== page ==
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NYC Council overrides mayor's vetoes of solitary confinement ban, policing bill

FILE PHOTO: Lights for Liberty

By Jonathan Allen

NEW YORK (Reuters) -The New York City Council voted on Tuesday to override Mayor Eric Adams' vetoes of two bills it passed last month, one banning solitary confinement in city jails, the other requiring police to record lower-level investigative stops of civilians.

In passing the bills with veto-proof majorities in December, lawmakers called solitary confinement cruel and torturous, and said it leads to heightened risks of injury or death for people in custody.

The mayor and the labor union representing the city's jail guards argued the ban would make it more difficult to protect jail workers and detainees.

Under the How Many Stops Act, police officers will have to record basic demographic information about people they question in low-level investigative stops, why they made the stop, and whether an officer used force against a person they questioned.

In vetoing both bills this month, Mayor Adams, a Democrat, said the new reporting requirements would distract police officers from their jobs.

Lawmakers in the Democrat-controlled council countered that the law amounted to an extension of existing reporting requirements that could be easily implemented by police.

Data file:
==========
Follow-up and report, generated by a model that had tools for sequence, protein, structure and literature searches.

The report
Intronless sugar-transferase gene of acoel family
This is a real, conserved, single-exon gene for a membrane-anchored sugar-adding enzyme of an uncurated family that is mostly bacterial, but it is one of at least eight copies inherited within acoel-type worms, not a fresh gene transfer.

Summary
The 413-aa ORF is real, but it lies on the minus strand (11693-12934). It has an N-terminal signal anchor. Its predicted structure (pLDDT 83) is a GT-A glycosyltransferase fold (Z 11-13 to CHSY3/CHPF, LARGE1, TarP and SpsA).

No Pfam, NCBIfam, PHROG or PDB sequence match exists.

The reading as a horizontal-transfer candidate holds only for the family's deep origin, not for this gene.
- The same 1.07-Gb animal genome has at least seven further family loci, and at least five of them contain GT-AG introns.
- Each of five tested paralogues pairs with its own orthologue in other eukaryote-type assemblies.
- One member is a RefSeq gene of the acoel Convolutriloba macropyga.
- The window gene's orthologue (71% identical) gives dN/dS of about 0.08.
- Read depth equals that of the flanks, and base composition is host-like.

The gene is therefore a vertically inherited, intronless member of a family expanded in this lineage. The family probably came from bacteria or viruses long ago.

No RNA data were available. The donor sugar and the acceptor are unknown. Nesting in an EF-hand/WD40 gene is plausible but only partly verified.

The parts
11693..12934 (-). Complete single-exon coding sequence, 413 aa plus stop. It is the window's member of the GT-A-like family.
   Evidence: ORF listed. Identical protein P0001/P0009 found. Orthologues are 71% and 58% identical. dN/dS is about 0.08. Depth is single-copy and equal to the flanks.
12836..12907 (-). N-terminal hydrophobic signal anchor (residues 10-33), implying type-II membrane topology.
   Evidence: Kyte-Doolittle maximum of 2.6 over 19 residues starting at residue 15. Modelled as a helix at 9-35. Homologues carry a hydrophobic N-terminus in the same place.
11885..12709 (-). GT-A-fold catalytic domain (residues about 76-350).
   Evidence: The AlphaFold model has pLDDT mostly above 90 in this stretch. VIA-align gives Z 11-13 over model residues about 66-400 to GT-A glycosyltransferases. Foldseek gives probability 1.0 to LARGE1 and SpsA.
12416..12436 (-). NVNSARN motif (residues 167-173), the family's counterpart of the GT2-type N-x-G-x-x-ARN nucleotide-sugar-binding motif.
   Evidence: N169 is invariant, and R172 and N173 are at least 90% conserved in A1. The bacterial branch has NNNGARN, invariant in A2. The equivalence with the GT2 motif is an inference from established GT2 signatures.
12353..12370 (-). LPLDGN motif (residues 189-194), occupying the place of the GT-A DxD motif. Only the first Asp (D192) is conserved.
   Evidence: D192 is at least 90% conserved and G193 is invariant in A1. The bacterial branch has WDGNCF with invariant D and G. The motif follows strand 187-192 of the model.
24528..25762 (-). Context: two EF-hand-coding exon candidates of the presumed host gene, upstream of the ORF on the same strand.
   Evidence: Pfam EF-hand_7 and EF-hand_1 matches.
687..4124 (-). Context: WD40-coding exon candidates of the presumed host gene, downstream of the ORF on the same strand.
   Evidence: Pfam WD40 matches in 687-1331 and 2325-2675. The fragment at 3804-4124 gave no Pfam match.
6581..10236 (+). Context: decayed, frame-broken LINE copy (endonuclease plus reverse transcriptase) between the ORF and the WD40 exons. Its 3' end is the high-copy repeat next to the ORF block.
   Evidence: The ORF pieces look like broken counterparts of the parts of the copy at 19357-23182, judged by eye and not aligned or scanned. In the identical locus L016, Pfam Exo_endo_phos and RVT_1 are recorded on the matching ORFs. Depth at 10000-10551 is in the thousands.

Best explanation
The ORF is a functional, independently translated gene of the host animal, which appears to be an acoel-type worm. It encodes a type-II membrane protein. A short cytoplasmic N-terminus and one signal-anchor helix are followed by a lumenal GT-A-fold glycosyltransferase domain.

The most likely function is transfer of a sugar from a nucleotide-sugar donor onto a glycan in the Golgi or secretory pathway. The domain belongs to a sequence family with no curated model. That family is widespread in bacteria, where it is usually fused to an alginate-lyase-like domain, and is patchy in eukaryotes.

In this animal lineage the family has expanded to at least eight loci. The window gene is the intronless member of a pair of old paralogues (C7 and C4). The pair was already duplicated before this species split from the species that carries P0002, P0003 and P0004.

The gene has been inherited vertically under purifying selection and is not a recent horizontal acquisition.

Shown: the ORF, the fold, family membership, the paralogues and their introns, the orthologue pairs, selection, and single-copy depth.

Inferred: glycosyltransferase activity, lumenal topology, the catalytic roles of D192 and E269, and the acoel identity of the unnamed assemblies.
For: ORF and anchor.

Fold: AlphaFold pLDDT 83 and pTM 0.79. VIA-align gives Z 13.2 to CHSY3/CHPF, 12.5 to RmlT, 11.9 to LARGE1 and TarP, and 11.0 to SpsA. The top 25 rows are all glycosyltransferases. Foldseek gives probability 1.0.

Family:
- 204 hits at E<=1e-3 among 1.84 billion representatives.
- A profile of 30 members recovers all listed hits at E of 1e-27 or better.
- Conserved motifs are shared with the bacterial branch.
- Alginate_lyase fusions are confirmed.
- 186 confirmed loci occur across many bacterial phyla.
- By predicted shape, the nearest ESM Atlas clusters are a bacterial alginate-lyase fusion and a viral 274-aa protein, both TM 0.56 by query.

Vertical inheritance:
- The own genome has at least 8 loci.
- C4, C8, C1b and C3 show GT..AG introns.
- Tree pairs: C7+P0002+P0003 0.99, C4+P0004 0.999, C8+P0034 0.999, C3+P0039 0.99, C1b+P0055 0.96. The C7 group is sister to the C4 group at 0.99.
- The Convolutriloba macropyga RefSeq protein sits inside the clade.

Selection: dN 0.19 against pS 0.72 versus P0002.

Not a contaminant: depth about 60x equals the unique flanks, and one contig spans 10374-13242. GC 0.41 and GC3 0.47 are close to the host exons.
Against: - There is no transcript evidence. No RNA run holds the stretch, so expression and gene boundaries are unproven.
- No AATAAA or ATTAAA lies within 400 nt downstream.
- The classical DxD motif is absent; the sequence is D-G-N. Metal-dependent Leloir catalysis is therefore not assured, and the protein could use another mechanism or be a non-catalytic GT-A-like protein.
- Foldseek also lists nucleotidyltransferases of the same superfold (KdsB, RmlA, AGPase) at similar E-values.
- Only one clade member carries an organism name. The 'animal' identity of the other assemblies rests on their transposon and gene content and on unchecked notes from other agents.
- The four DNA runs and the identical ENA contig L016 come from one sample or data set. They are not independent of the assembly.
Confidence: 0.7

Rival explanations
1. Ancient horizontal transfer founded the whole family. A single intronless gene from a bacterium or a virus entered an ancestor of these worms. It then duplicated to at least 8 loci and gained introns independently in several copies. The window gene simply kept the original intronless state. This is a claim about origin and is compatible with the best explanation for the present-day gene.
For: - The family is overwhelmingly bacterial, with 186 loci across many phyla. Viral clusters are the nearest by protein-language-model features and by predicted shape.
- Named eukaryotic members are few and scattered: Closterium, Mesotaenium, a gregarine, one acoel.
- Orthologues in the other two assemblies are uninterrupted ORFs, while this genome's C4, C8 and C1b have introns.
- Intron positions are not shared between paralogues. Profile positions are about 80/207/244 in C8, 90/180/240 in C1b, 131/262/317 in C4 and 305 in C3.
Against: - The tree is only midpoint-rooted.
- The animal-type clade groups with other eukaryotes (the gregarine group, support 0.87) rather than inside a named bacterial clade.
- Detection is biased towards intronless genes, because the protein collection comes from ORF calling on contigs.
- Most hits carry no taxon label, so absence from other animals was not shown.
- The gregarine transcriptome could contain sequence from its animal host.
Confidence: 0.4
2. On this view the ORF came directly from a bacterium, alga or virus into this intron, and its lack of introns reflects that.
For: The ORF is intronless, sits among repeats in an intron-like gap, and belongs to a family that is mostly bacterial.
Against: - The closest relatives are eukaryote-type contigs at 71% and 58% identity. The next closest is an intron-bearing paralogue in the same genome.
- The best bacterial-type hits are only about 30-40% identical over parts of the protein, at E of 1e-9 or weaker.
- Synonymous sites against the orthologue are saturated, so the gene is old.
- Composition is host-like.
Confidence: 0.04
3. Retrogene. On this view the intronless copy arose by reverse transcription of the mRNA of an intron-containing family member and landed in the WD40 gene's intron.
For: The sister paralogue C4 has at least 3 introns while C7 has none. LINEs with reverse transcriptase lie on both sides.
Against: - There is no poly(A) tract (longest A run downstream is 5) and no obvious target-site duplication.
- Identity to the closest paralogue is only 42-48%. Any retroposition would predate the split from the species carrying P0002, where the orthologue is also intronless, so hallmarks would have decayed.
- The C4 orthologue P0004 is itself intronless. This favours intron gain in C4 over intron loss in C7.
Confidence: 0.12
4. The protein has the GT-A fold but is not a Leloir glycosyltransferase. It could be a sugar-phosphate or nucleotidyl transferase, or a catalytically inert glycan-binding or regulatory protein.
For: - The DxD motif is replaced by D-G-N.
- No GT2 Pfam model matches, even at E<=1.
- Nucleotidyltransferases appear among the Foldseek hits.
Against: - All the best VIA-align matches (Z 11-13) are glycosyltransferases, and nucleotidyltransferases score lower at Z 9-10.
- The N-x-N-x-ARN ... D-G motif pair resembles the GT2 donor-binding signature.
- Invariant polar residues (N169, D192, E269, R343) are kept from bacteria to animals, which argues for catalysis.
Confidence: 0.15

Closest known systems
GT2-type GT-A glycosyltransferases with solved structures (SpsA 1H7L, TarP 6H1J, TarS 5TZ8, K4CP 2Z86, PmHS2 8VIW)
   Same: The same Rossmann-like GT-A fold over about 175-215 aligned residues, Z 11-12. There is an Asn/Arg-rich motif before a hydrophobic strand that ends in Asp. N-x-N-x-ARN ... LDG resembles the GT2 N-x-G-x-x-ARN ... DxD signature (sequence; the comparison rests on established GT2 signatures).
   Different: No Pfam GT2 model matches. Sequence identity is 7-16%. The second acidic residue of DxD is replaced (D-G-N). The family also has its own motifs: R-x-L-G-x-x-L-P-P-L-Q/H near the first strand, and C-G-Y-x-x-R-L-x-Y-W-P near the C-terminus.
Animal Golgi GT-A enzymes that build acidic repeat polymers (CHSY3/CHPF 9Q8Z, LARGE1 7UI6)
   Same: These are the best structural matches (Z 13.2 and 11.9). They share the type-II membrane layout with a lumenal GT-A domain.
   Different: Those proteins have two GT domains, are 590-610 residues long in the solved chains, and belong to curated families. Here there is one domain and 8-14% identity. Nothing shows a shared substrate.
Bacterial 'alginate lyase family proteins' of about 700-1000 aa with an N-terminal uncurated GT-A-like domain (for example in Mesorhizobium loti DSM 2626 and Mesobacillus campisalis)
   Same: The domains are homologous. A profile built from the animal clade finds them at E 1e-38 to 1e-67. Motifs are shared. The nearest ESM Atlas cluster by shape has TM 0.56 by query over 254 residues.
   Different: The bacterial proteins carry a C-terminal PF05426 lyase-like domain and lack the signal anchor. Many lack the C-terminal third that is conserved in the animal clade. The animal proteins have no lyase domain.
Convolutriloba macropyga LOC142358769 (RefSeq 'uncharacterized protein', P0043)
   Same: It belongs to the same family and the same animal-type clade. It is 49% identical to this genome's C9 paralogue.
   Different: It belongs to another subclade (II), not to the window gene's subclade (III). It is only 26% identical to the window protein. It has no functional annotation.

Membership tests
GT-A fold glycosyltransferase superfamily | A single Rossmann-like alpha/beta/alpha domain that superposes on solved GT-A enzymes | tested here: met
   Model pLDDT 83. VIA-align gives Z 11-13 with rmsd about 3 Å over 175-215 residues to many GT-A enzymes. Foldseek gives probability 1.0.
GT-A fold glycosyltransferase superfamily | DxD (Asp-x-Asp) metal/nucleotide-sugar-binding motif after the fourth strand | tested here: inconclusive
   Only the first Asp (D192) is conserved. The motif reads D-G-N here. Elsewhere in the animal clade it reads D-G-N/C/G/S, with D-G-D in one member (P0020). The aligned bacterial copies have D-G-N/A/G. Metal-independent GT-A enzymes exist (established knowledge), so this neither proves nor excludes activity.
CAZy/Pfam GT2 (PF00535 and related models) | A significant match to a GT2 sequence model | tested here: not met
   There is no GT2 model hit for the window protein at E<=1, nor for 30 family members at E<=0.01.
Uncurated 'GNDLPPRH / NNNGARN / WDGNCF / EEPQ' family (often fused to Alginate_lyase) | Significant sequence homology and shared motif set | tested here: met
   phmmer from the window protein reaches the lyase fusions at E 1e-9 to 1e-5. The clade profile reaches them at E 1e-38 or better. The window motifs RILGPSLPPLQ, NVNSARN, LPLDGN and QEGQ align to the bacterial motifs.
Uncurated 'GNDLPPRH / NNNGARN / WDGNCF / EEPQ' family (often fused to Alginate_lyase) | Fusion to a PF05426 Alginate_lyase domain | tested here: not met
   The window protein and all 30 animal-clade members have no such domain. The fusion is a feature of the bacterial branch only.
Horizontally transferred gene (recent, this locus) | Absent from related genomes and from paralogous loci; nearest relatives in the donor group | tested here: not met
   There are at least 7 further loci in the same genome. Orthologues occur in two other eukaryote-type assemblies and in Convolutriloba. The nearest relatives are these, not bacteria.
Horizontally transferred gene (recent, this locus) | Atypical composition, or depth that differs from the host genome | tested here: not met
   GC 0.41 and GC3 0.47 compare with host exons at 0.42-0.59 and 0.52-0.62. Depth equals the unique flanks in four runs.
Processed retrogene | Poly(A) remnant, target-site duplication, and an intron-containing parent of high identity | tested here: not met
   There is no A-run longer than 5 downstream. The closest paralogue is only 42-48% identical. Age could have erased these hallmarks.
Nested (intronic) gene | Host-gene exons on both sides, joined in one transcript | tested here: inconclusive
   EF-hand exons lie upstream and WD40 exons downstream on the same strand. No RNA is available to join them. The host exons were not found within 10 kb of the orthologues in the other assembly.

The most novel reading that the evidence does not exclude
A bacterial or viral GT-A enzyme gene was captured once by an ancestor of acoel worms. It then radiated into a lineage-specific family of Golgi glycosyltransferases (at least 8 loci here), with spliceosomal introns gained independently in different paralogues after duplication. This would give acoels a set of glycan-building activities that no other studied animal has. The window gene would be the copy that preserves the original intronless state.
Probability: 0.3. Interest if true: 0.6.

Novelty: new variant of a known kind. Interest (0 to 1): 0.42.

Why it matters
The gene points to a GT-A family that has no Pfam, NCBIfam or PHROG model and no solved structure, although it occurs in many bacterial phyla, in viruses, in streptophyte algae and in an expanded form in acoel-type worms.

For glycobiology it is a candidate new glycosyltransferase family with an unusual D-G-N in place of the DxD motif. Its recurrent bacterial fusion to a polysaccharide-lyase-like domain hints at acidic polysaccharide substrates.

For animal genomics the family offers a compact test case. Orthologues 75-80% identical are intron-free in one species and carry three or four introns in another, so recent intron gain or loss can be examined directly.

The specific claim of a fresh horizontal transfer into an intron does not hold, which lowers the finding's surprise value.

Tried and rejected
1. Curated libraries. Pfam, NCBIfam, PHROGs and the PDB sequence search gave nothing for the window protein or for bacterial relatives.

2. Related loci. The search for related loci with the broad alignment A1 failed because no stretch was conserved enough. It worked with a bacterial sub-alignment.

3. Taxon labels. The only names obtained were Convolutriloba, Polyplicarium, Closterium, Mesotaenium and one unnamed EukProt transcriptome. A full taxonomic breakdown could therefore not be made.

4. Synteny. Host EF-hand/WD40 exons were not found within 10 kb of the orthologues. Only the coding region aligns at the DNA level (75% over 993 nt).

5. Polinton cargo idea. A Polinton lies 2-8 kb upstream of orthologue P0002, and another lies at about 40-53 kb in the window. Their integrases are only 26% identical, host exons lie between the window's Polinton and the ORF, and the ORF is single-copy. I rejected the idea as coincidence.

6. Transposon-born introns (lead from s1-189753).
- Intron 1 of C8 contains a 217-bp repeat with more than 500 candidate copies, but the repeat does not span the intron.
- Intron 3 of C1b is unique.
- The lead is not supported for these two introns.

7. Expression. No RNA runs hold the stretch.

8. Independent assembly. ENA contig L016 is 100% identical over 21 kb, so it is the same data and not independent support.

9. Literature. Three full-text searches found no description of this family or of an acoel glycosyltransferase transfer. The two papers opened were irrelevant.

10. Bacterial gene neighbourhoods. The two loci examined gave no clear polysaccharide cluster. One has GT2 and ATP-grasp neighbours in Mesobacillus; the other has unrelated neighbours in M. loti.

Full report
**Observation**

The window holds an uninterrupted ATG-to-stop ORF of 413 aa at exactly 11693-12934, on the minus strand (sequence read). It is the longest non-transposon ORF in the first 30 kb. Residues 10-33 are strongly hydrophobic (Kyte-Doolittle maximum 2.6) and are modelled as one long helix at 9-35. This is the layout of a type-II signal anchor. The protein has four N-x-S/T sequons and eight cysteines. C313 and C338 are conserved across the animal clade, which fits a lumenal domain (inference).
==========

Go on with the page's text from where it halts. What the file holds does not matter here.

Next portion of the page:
"At a time when Black and Latino New Yorkers continue to be disproportionately subjected to unconstitutional stops that go underreported, and civilian complaints of misconduct are at their highest level in over a decade, the need for basic transparency is clear," Council Speaker Adrienne Adams, who is not related to the mayor, said in a statement.

The council voted 42-9 to override both vetoes, exceeding the two-thirds majority vote needed.

In a statement after Tuesday's council vote, Mayor Adams, a former NYPD police officer, said the new laws will "make New Yorkers less safe on the streets."

"Additionally, it will make staff in our jails and those in our custody less safe by impairing our ability to hold those who commit violent acts accountable," his statement said.

The Police Benevolent Association, the main officers' labor union, said officers would comply with the new reporting law.

"Ultimately, it will be City Council members – not PBA members – who must answer for rising 911 response times and diminished police presence in our neighborhoods," PBA President Patrick Hendry said in a statement.

Public defenders and civil rights groups praised both bills.

"Banning the dehumanizing practice of solitary confinement will save New Yorkers' lives," Donna Lieberman, the director of the New York Civil Liberties Union, said in a statement.

Under current "punitive segregation" rules, jail officials can punish detainees who are violent or otherwise break jail rules by isolating them in a cell for up to 23 hours a day for up to 60 days straight for the most serious infractions.

The new law reduces that to a maximum of four hours, with wellness checks by jail staff every 15 minutes. For serious infractions, detainees can be transferred to restrictive housing for up to 60 days in a single year.

(Reporting by Jonathan Allen, Editing by Rosalba O'Brien)